The lights kicked in and the music pumped, the models began the show.  Two female models appeared with Alex Van Os, cool celebrity Eco-stylist. They walked the catwalk with beautiful pieces.  Two by two, more models appeared strutting their stuff to the beat, each outfit constructed from various fabrics types and textures. It was great to see the crowd relish each concept piece. Definitely ‘selfies-central’ as the designers and models  enjoyed some well deserved attention.  The atmosphere was fun, optimist and happy.  A Pop Up Shop with a selection from each designers was present, giving us the chance to get close up and appreciate the workmanship and a good buying opportunity to raise money for this amazing charity.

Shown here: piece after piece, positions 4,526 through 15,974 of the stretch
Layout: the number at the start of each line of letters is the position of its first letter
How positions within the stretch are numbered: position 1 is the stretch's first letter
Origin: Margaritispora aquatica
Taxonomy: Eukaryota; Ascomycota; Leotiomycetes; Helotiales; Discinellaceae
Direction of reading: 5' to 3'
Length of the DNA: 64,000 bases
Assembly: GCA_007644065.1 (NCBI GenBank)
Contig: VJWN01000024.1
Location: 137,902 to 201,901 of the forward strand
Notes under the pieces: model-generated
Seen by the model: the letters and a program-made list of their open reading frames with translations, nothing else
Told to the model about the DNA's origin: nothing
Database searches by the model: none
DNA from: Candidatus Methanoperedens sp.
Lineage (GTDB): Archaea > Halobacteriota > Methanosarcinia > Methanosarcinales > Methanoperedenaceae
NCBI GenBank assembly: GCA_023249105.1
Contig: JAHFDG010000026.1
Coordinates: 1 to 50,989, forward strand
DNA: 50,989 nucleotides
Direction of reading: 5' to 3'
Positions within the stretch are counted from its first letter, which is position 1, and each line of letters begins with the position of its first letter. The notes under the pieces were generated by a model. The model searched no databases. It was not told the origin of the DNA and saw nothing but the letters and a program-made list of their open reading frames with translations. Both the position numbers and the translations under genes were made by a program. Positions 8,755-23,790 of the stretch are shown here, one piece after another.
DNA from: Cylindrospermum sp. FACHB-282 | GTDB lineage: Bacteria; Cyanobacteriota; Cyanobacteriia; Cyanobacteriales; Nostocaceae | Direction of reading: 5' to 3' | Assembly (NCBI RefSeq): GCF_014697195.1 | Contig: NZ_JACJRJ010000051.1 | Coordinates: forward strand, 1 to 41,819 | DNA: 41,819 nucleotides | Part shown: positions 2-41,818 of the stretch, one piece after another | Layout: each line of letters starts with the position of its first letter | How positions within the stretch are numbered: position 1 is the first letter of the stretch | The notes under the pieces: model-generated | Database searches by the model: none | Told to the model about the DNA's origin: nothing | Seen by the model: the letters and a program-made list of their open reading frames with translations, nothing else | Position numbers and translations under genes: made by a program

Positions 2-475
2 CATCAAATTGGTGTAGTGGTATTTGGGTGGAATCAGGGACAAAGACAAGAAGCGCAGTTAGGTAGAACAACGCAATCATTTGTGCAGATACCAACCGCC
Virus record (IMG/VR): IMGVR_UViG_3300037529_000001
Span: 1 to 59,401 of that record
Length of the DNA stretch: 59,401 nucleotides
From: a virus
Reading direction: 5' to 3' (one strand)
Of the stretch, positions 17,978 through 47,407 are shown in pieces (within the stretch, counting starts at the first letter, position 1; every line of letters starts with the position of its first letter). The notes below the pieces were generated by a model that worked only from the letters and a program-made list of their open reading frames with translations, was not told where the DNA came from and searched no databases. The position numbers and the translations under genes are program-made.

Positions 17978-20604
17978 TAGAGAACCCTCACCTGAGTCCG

While I was there, I got an opportunity to get a few quick words with Alex Van Os, Red Cross Ambassador and super ‘Op Shop’ stylist. This is a girl after my own heart. I am the ‘Op Shop’ Queen. I love the pre-loved culture here in Australia. Its guilt free shopping, all for a good cause. Alex is an accomplished business women out there encouraging people to visit Op shops by the coach load. Adding to her credentials,  she’s styled major celebrities and working on various campaigns such with the Red Cross.  She is very passionate about this collaboration with the Kangan Institute. She loves the way the students have thought out of the box and created such cool fashion. Please check put her .